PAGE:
If you’re a computer nerd, you might have played a lot with the command line (or the command prompt). I have done it a lot since I was a computer science student, and we had subjects like operating systems and shell programming back in college.
What we usually do is we open up the command line and type in the various command to do the required operations. Some brilliant people do everything using shell commands, without even looking into the UI of the operating system.
But can we execute shell commands using Python language? We’re going to talk about it in today’s article. As you might know, Python has a lot of in-built libraries to help us. There are multiple ways to execute a shell command and get output using Python.
Hence, it is a fabulous language for scripting and automating workflows. Python Standard Library has modules such as os and subprocess to make executing shell commands an easy task.
Let’s dive deep into the topic and learn about os and subprocess modules in python.
Executing Shell Commands Using the OS Module in Python
Python provides an OS library that we can use for the execution of shell commands. This method is pretty easy to implement using a few lines of code. Let’s execute a basic command using this module.
The python code for executing commands is pretty simple. You just need to import the OS module and use a method called system. You can pass the command that you want to execute as an argument to this method.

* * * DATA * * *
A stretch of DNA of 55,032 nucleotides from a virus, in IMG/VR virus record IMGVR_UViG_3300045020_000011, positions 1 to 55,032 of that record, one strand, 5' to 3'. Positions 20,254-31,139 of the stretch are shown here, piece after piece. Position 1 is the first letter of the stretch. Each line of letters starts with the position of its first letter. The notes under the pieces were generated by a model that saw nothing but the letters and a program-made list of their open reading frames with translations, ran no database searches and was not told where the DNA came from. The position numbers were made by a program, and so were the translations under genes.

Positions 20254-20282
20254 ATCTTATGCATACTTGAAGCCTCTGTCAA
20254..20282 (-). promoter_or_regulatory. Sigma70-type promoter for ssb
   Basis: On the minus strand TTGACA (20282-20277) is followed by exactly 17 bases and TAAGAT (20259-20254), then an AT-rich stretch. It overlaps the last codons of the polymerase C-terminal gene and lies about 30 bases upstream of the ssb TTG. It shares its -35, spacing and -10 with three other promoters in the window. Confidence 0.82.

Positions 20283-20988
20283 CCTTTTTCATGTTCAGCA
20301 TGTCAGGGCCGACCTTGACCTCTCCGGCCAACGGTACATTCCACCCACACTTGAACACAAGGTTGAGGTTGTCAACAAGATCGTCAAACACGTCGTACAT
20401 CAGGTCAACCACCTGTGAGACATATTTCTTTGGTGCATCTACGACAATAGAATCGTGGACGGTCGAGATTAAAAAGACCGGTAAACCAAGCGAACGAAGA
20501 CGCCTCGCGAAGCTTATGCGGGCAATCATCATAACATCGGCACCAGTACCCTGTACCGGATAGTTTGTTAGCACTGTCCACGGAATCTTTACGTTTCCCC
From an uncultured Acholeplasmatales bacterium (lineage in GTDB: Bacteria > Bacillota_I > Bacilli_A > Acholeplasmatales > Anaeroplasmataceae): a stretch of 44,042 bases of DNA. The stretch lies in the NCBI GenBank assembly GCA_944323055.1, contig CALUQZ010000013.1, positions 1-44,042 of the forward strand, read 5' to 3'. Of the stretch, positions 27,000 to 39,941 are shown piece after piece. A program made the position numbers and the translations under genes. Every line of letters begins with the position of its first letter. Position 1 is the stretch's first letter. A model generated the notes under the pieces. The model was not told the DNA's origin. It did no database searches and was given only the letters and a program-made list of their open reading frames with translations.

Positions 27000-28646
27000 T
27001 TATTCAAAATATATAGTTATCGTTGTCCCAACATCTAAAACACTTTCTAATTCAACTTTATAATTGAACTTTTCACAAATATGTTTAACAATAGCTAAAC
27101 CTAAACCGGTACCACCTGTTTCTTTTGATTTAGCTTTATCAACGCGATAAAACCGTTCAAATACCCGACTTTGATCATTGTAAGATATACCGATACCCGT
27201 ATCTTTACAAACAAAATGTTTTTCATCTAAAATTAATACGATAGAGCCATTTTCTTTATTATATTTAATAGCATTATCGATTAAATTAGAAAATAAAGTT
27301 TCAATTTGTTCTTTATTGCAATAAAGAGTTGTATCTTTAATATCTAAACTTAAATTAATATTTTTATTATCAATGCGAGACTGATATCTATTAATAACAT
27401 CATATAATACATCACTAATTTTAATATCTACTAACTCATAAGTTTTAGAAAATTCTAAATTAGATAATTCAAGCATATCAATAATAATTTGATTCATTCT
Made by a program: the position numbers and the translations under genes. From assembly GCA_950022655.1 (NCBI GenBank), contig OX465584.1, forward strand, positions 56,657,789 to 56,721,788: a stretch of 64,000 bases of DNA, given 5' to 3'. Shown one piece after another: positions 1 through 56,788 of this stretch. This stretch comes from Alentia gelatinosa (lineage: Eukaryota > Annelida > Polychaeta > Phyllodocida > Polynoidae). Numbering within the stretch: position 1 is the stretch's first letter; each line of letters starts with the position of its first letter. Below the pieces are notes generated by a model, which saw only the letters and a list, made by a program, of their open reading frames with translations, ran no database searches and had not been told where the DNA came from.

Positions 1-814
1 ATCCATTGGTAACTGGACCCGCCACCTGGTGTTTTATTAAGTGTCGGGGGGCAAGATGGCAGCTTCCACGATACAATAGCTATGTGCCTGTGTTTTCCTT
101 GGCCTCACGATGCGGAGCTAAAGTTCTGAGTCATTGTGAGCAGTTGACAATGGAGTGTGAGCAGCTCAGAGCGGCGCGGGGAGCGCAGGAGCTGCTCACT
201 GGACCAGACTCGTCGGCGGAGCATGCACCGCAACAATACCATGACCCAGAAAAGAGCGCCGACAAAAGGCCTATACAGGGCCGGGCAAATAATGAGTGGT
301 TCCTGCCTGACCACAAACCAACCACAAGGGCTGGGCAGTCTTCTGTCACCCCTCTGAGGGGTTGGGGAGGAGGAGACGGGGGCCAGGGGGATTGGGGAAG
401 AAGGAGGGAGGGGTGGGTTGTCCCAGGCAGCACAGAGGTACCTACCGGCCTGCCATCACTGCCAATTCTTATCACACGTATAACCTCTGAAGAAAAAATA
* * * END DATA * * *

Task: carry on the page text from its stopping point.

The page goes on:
import os os.system('dir')
I have a Windows operating system. That’s why I used the ‘dir’ command. If you have Linux or Mac systems, you can use the ‘ls’ command (or any other basic commands).
After writing these two lines, save the program. Go to your command line (or command prompt) to do the execution.
If you are inside the command line, go to the directory, which is having the program, using the ‘cd’ command. I saved my file inside Desktop. So, I used the following command:
Now, let’s run the program by typing in the name of the program and hit Enter.
The program will run and execute the shell command. You can see the result inside your command line.
As you can see in the screenshot given above, the shell command executed perfectly inside my command prompt using a python program.
However, the OS module is not recommended for executing shell commands due to several reasons. This method is inflexible as you can’t even get the resulting output as a variable.
Python has another module called subprocess, which is the most recommended module for running external commands. So, let’s jump into the subprocess module and learn a bit about it.
Executing Shell Commands Using the Subprocess Module in Python
According to the official documentation of Python, the subprocess module is the best and recommended python module you can use for running shell commands. This module is pretty useful for system administration tasks, and it is a replacement for several OS methods.
The subprocess module helps us by providing great facilities to spawn processes, connect to their input/output/error pipes, and obtain their return codes. It starts new applications or programs through Python code by creating new processes.
When we use the subprocess module, we can also capture the output of the commands or even pipe the output from one command to another command. It is a great advantage when we compare it with the OS module.
Now, let’s see an example program to run a command in command prompt.
The job is pretty simple. Import the subprocess module and use one of its methods called run(). Pass the command that you want to execute as the argument to this method.